Category Archive: Han Han




中新社北京3月6日电(记者郑巧)“现在一些大陆年轻导演表现很好,比如《失恋33天》就拍得很有特点。台湾也有一些优秀的年轻导演,九把刀就是很好的例子。”知名导演张艺谋6日在回应关于中国电影面临的挑战时,特别强调要做好人才培养,希望年轻导演的作品更多样化。 Click here to read more »

One in 1.3 Billion: The Phenomenon of China’s Han Han

Race car-driving author Han Han is seen as the voice of China’s young generation and read by 300 million people, but will what he represents be lost in translation?

By Duncan Jepson

Han Han racing Click here to read more »

The slim years

By Chitralekha Basu (China Daily)

Chinese authors are still struggling to carve a niche in the global gallery of contemporary literary greats. Chitralekha Basu reports.

Jo Lusby, who heads Penguin in North Asia, was recently quoted in Shanghai’s Oriental Daily on the subject of Chinese literature and Western expectations. Buying Chinese fiction for the overseas market, she said, was not necessarily about picking the best, or the bestsellers. Rather, it was about “what piques the interest of the Western reader”.

Looks like moral tales about corruption among bureaucrats, angst-ridden teenagers living it up in wild Shanghai and the “cultural revolution” (1966-1976) will dominate the Chinese list of Western presses for a while. Or will it? Click here to read more »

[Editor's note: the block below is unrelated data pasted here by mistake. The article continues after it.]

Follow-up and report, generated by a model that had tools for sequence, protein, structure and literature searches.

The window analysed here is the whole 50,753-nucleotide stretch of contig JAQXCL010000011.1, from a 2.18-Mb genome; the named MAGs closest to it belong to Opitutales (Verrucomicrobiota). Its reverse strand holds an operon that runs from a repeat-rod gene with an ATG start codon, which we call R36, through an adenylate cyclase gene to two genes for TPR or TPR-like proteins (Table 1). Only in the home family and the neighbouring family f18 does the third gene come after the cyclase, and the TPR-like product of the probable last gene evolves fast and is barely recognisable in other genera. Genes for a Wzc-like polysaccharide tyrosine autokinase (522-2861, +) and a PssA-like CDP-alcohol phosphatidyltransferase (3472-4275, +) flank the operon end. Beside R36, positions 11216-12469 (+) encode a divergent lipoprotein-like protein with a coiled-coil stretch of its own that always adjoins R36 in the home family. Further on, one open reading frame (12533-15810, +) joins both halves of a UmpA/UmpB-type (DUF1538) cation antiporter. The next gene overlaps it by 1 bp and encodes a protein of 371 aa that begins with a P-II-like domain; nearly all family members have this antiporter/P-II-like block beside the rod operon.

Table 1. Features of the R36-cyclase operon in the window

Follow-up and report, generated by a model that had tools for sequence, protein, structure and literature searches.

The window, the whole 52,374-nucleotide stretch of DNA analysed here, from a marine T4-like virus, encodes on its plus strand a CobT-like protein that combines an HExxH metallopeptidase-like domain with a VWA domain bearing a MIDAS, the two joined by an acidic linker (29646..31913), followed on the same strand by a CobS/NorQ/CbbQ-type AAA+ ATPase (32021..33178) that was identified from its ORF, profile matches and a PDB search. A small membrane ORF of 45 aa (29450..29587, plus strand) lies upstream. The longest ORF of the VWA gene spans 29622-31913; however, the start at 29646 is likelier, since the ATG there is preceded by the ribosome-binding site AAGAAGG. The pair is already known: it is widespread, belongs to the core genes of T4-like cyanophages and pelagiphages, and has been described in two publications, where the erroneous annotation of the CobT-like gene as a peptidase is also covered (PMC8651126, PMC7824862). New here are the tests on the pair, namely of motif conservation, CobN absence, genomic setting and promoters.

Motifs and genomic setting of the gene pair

New Yorker

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The internet’s cyber radicals: heroes of the web changing the world

A generation of political activists have been transformed by new tools developed on the internet. Here, a leading net commentator profiles seven young radicals from around the world

Han Han a professional rally driver, bestselling author, singer, creator of a literary magazine and China’s most popular blogger. Photograph: Ym Yik/epa/Corbis

The 28-year-old Chinese professional rally driver, bestselling author, singer, creator of a literary magazine and China’s most popular blogger – indeed, possibly the most popular blogger in the world. Click here to read more »

Writer walks tightrope of the censors in magazine


Priscilla Jiao

Han Han looked for a publisher for his new magazine for a long time. He said he was trying to put out a product that was censored as little as possible, and he needed a publisher who shared that view.

One publisher said no to a cover of a gun-toting nude man with his private parts covered by a logo of the magazine, placed as such to pass censors.

In a speech he gave at Xiamen University, he said the publisher had told him: ‘Now you’ve covered up the midriff. That’s a deliberate pun on ‘Party Central Committee’.’ Both are dangzhongyang in pinyin. Click here to read more »